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Mac OS X has the ability to use "secure virtual memory", meaning that anything from RAM that is swapped out to disk is encrypted. This improves security by making sure no passwords / keys are ever written to disk unencrypted. It's enabled by default since 10.8

Is there something similar under Windows? (Specifically windows 7) Is it possible to encrypt the Windows page file (swap / virtual memory) under Windows?

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Starting with Windows Vista and WIndows Server 2008 this feature is now available. In an administrator command prompt (Start > All Programs > Accessories > right click Command Prompt and Run As Administrator) the following command:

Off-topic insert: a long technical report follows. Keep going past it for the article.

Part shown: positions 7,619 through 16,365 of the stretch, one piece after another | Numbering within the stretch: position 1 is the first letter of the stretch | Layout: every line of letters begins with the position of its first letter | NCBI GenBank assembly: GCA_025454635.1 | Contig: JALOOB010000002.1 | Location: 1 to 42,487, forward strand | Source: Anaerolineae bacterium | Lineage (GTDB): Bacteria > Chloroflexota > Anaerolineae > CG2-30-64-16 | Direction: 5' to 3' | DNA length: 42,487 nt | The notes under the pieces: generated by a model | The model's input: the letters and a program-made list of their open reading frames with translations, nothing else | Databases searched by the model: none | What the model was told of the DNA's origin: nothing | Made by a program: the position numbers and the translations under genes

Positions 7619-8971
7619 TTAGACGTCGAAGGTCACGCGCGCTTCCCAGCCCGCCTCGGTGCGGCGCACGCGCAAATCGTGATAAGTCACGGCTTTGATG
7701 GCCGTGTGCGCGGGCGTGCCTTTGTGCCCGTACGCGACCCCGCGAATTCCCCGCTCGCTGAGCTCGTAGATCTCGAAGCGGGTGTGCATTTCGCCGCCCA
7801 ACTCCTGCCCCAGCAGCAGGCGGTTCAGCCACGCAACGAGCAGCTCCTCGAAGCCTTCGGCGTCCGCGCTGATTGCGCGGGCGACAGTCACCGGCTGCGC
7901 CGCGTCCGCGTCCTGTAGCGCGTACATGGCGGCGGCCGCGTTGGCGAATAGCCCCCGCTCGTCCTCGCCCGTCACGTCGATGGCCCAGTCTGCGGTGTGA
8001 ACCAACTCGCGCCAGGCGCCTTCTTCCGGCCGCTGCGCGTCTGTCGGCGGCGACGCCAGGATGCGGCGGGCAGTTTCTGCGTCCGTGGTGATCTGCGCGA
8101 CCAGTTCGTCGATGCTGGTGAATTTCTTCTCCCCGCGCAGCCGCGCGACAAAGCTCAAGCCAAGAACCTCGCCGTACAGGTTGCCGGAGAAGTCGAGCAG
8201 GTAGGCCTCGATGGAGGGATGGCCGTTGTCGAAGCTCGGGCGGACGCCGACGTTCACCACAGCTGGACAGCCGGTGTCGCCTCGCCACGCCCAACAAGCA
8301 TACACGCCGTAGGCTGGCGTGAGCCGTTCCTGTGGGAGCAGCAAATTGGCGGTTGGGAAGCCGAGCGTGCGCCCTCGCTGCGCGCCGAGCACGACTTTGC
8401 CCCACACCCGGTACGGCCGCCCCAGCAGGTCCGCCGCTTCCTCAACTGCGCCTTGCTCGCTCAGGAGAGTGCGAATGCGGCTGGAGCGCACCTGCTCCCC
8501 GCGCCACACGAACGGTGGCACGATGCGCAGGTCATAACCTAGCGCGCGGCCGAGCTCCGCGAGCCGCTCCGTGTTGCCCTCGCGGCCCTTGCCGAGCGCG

fsutil behavior set encryptpagingfile 1

Will enable windows pagefile encryption. A reboot is required for this to take effect. According to InfoWorld, this is very secure, using one-time keys just like Mac OS X "Secure Virtual Memory":

In Windows 7 (and Vista), you can enable pagefile encryption. But even better: There is no key management. Windows creates and deletes the encryption keys as needed and there isn't a chance the user can "lose" the key or require a recovery event. It's crypto security at its best.

To simply check if pagefile encryption is enabled, use the command:

fsutil behavior query encryptpagingfile

To disable it, the command is:

fsutil behavior set encryptpagingfile 0

followed by a reboot. Note that this method of pagefile encryption requires that the volume on which the windows page file resides be NTFS formated.

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